Writer was one half of a famous literary partnership
The novelist Franco Lucentini, who achieved success with Carlo Fruttero in a remarkable literary association, died on this day in 2002 in Turin.
A news correspondent and editor, Lucentini met Fruttero in 1953 in Paris and they started working together as journalists and translators.
But they were best known for the mystery thrillers they produced together, which they composed in a businesslike manner.
After choosing a subject they would take it in turns to write and then edit the material until a novel was complete.
Their most popular books were The Sunday Woman (La donna della domenica), which was later made into a film and The D Case (La verita sul caso D), which was based on an unfinished work by Charles Dickens, The Mystery of Edwin Drood.
|Carlo Fruttero and Franco Lucentini, in a photograph|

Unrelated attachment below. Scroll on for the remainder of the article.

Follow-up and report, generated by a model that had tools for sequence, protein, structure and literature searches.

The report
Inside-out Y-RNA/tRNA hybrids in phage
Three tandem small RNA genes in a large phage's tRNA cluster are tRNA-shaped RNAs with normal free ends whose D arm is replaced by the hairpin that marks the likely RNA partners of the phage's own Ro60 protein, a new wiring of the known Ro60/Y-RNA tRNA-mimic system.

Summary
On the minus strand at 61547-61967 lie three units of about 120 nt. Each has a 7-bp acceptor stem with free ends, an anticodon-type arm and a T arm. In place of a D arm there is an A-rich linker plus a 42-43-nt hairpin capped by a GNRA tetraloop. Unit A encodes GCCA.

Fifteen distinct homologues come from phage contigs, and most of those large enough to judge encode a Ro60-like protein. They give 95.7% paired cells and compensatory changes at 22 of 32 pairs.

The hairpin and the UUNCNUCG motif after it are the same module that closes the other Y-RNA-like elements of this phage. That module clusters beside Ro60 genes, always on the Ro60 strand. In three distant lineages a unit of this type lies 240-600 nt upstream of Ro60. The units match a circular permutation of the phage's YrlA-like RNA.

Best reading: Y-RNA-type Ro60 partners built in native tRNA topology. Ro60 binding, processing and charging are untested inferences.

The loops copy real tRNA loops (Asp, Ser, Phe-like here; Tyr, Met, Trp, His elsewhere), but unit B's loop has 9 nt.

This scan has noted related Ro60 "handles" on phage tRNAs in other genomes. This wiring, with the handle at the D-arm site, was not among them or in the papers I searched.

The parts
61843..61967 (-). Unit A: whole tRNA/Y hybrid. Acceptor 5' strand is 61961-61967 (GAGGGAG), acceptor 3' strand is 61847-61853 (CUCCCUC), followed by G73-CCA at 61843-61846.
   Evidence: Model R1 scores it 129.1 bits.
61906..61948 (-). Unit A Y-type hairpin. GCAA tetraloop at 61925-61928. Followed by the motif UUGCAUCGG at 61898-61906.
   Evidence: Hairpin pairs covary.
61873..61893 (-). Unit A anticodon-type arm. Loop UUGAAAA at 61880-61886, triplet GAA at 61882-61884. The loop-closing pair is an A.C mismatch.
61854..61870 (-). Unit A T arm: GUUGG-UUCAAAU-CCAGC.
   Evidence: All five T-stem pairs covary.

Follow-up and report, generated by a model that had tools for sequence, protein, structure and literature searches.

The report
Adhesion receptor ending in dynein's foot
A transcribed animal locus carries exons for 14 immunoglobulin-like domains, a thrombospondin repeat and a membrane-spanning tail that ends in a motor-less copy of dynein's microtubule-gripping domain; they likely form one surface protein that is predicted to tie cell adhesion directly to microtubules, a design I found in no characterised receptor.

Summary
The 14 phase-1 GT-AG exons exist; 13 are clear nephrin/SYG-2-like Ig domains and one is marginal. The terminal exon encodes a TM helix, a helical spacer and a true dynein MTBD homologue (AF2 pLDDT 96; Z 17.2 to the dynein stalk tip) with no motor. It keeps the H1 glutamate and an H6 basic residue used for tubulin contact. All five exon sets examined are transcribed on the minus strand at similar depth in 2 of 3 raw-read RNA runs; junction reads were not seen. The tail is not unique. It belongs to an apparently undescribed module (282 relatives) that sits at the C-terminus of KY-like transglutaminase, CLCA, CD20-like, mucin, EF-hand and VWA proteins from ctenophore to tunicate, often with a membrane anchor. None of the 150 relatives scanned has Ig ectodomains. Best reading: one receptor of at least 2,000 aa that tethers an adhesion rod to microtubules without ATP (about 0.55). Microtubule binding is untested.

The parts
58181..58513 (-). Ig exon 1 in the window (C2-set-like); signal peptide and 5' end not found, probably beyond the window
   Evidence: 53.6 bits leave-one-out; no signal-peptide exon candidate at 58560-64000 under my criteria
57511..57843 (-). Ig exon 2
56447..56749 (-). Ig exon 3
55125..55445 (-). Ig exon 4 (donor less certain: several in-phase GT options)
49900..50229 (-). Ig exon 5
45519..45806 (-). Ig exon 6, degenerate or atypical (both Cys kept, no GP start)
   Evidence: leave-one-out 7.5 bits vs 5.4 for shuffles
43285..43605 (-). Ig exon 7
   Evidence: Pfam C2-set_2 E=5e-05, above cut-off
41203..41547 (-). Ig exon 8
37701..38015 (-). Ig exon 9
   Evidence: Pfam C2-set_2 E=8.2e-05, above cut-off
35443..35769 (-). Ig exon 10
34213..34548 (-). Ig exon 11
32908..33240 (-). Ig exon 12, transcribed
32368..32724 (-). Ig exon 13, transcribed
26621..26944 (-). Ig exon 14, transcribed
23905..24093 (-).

taken for the Corriere della Sera newspaper
But after the Second World War he was hired by the Allies to work as a junior editor for their news agency in Naples. Lucentini then went on to work in Rome for Italy's ANSA news agency.
After Fruttero and Lucentini met, they formed a successful literary team, writing, editing and translating for the Einaudi publishing house.
They produced several novels together after the success of The Sunday Woman and F& L went on to become a well known literary trademark.
But in 2002, suffering from lung cancer and having reached the age of 81, Lucentini chose to end his own life on 5 August at his home in Turin.
|The campus of the University of Rome, pictured|
soon after it was built in 1935
The University of Rome, where Lucentini studied Philosophy during the Second World War, was founded in 1303 by Pope Boniface VIII. Now known as the Sapienza University of Rome, it is one of the largest in Europe. The main campus, which was designed by Marcello Piacentini, is near Rome’s Termini railway station.
Turin, where Lucentini lived in later life, is the capital city of the region of Piedmont in the north of Italy. It is an important business centre, particularly for the car industry, and has a rich history linked with the Savoy Kings of Italy. Piazza Castello, with the royal palace, royal library and Palazzo Madama, which used to house the Italian senate, is at the heart of royal Turin.